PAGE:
Since there’s a holiday weekend coming up, this feels like a particularly appropriate time to talk about and celebrate Kelly Link — and more specifically Magic for Beginners, one of the best short story collections to come out in the last decade. Originally published by the smaller press Mariner Books in 2005, the book has just been reissued by Random House in anticipation of Link’s upcoming collection, due out in 2015. Though Magic for Beginners came out a little bit before the recent vogue for short stories, it — like the author herself — already has its devotees. In fact, Link has been praised up and down by big-name authors, counting everybody from Neil Gaiman to Karen Russell, Peter Straub, and Lev Grossman among her fans. And although she earns the sort of high praise that follows writers who’ve earned the insufferable “writer’s writer” tag, she’s also found that rare sweet spot of being both a true literary talent and a storyteller whose imagination seems to know no limits.
It should be a more common combination, but Link is really in a class of her own. Russell, whose imagination also leads her work to strange places, has certain strengths in common with Link; Michael Chabon could be an adequate comparison, too, because of the way both writers’ work will get you thinking about how wonderful it would be to crawl inside their heads for a day (an image that Link could probably turn into a brilliant story). She also bears comparison to some of the greatest authors ever to combine literary and genre fiction: Poe, Jackson, Lovecraft, Bradbury. If you look closely enough, you might find yourself reading characters whose ominously innocent introductions read almost like Flannery O’Connor.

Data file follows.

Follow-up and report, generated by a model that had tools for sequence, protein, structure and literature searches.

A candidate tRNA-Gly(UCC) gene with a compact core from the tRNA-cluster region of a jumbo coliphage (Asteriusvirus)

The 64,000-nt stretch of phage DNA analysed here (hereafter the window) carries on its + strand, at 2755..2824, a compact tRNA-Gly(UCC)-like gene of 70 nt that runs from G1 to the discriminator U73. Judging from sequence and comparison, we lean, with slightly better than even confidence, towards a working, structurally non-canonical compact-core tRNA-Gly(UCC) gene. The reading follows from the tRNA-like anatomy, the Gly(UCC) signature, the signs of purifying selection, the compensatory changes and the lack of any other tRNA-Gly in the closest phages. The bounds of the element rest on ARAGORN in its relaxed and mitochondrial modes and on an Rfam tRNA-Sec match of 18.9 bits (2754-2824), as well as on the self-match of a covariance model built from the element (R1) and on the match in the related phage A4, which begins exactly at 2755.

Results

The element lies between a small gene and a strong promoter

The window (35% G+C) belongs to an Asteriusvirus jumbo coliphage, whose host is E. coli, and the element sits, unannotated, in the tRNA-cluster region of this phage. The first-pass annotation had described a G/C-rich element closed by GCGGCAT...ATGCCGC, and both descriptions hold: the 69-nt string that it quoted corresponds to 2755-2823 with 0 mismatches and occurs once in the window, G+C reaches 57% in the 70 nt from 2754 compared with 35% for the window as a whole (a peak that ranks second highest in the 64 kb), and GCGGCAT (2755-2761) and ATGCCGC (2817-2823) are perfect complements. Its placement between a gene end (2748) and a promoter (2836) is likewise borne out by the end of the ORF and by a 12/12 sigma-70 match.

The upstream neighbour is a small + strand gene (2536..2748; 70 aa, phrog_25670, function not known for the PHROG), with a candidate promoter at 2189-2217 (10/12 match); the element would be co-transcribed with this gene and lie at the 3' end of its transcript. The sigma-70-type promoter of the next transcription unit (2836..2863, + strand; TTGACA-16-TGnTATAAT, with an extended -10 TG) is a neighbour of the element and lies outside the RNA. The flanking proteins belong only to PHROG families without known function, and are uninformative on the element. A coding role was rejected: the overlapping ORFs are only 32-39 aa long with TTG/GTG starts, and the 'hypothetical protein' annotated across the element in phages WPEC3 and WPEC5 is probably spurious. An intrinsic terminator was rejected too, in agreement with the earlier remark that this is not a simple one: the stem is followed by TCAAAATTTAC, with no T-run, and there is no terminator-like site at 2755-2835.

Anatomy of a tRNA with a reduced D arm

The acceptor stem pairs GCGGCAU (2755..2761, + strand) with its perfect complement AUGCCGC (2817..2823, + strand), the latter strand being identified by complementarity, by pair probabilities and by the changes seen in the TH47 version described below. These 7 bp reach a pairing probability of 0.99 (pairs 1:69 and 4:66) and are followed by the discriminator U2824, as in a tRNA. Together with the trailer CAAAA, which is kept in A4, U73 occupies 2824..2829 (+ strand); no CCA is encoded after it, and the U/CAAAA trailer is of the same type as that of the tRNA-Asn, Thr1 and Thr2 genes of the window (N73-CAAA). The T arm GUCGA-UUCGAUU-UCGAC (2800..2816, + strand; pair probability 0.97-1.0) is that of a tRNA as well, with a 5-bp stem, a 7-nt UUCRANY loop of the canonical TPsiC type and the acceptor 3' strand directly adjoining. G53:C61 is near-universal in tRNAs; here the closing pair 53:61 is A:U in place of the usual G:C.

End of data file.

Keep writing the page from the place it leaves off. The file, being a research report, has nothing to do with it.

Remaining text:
Link lures readers into her shorts stories in a way I don’t think any other writer does. Soap, the protagonist of the story “Some Zombie Contingency Plans,” is a perfect example of Link giving us hints that there’s something a little off with the character, but she’s so great at what she does that she quickly distracts us by wrapping us up in her great storytelling. We know early on that Soap went to jail, that he’s crashing house parties to have something to do; it doesn’t occur to us that much of anything could go wrong. Magic for Beginners‘ opening story, “The Faery Handbag,” begins with the protagonist telling us about thrift stores she used to frequent, hunting for her Grandma Zofia’s faery handbag, which she describes as “huge and black and kind of hairy. Even with your eyes closed, it feels black.” Not so strange, right? Well, it gets a little weirder:
As black as black ever gets, like if you touch it, your hand might get stuck in it, like tar or black quicksand or when you stretch your hand out at night, to turn on a light, but all you feel is darkness.
Good description. But there’s also the little fact that “[f]airies live inside it. I know what that sounds like, but it’s true.”
Is it true, or is it just another one of Link’s weirdos being weird? This is the kind of question you’re bound to explore in every single story presented to you in Magic for Beginners. And it’s what makes Link one of the most fascinating American writers who is currently at the height of her powers. This new paperback version of her older stories gives readers a chance to experience or re-experience the early manifestations of those powers, and prepare for what’s next.